I do wish some more companies would bring out single pivot designs at a decent price. There is still a market for them and much as I would love something like a Starling it’s well out of my budget. Come on Alpkit!Posted 6 months ago
Jerm – Have a look at Dartmoor bikes.
Though I just went with secondhand Orange frames.Posted 6 months ago
Doesn’t it all depend on what you’re after from your bike. My reason for getting suspension in the first place was to take the sting out of riding after a back injury. I wasn’t ever bothered about axle paths or anything else.
If I can shave 5 seconds off my descent time, I can get back into the Strava top 100. Considering I’ve been spending 10 hours a week for the last year sneaking in at night with a shovel to realign the trail, spending 2K on the latest suspension design seems cheap.Posted 6 months ago
I think the potentially fastest downhill suspension design would be a high pivot split pivot with idler. You’ve got a linkage to drive the shock to get a good leverage curve. You can have loads of anti-squat without kickback due to the idler. You’ve got a rearward axle path from the high pivot. And you’ve also got good brake-squat (60-80% appears to be a good compromise between maintaining geometry and keeping sensitivity under braking) unlike a high single pivot where brake-squat is really high.
And now Trek have done this on their new Session.Posted 6 months ago
but as it’s preventing rotation relative to the swing arm the suspension becomes less sensitive and the wheel is more likely to skip.
This is the bit I am unable to rationalise in terms of the mechanics. The braking force is a constant, so the torque it exerts on the swingarm is a constant. The braking force will therefore bias the suspension to a more compressed state when braking, but the spring rate will remain the same, so the rear suspension will continue to exhibit the same movement in response to a given force (at that point in its travel) as it would when not braking. It is not as if the effect compresses the suspension so far that you hit the bump stops, nowhere near that, it is a relatively small effect relative to the total travel.
It needs to be approached scientifically, that is measuring/observing what is actually going on, rather than starting from theory. High speed camera looking at the rear wheel sort of thing (though I am not excluding the social sciences from “science”).
But as I don’t have that data, my own ha’pennyworth of theory is that rear wheel locking (or at least slowing down) as you go over bumps may be an important factor. Wheel locking will impart a large slug of angular momentum to the bike. On a rigid bike, or a bike with no brake squat, that will be transferred to the whole frame, causing the front to dive and the rear to rise up*. In a “caliper attached to the swingarm” design, that will partly go to compressing the rear suspension. Then when the rear wheel makes contact with the ground again it might grip and spin up.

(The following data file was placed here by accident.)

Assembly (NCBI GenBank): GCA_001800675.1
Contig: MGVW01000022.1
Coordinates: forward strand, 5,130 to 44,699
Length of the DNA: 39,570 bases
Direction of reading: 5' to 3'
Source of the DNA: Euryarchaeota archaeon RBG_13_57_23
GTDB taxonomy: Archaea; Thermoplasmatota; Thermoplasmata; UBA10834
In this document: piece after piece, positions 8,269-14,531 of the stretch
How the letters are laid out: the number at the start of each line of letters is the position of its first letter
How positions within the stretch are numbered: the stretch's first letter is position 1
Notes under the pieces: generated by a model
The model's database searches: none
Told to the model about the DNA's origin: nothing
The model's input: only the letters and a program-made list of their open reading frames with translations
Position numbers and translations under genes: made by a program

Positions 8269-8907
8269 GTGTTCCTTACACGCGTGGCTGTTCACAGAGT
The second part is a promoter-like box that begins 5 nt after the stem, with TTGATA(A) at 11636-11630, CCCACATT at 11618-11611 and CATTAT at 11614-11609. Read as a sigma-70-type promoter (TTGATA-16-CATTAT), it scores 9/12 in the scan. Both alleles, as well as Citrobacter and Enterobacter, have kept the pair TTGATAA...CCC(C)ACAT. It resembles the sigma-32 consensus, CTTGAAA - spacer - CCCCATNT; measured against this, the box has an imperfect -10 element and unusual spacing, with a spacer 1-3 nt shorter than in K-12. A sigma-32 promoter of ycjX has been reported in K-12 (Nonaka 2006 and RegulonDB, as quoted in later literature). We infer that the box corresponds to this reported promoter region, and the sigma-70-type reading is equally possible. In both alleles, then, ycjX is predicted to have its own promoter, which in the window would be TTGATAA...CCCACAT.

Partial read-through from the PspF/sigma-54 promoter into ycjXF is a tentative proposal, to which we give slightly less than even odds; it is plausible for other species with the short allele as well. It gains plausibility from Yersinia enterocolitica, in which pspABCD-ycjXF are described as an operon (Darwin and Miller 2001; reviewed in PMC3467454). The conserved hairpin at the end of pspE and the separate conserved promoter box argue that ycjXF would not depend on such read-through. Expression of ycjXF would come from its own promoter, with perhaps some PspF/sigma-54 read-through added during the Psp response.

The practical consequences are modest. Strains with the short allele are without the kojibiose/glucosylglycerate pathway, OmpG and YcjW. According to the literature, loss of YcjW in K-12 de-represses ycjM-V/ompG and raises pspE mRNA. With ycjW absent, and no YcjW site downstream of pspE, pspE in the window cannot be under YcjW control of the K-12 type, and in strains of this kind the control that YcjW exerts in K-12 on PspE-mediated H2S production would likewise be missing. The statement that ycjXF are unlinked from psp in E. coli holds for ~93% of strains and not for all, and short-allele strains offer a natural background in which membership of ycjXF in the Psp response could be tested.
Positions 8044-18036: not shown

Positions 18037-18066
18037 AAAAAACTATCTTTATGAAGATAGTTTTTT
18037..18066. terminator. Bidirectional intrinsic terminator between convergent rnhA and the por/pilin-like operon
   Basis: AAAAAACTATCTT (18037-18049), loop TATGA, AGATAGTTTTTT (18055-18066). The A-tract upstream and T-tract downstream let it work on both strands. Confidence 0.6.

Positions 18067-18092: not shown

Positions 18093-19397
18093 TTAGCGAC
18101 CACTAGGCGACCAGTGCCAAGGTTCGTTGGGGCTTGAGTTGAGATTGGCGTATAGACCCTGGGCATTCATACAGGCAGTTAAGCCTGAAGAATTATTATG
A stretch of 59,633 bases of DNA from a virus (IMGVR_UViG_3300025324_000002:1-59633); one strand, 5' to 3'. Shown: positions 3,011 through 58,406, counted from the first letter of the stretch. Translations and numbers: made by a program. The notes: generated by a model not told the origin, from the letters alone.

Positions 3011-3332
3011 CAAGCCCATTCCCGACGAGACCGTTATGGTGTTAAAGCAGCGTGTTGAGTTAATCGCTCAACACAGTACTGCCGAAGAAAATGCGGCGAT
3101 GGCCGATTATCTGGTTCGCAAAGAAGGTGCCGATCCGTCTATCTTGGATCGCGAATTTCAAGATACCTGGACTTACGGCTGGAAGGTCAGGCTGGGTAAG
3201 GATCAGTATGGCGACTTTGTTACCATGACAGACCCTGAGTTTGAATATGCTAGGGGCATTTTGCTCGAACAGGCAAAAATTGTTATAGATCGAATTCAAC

This is a recipe for all kinds of weird resonances taking place, which might well give the impression of the suspension not absorbing bumps correctly, but would be quite complex to model. Hence the need for data. But given all this, I am loathe to say “‘brake jack’ is a figment of peeps’ imaginations”, whilst also being sceptical as to their explanations of what it is and why they feel it more with single pivots.
*ETA which would explain why wheel locking is difficult to control and sometimes happens in an on-off-on kind of way. Once it starts, the rear wheel is unweighted so it locks even faster, then the wheel slams back down and grips again and so on.Posted 6 months ago
^^ I have just remembered an example of this from my student days. I was cycling along on my Claud Butler 10 speed (2×5 not 1x!, this was 1978 or so) when an Ever Ready metal rear light fell out of my coat pocked and got jammed in the rear wheel (at least I think that was what happened). I almost went over the bars (not quite a full endo) and crashed into a tree. It was violent.Posted 6 months ago
Just bought a 2020 orange stage 5 frame direct from Orange (one way to make it cheaper it seem). Can’t wait to see what all the fuss is about!Posted 6 months ago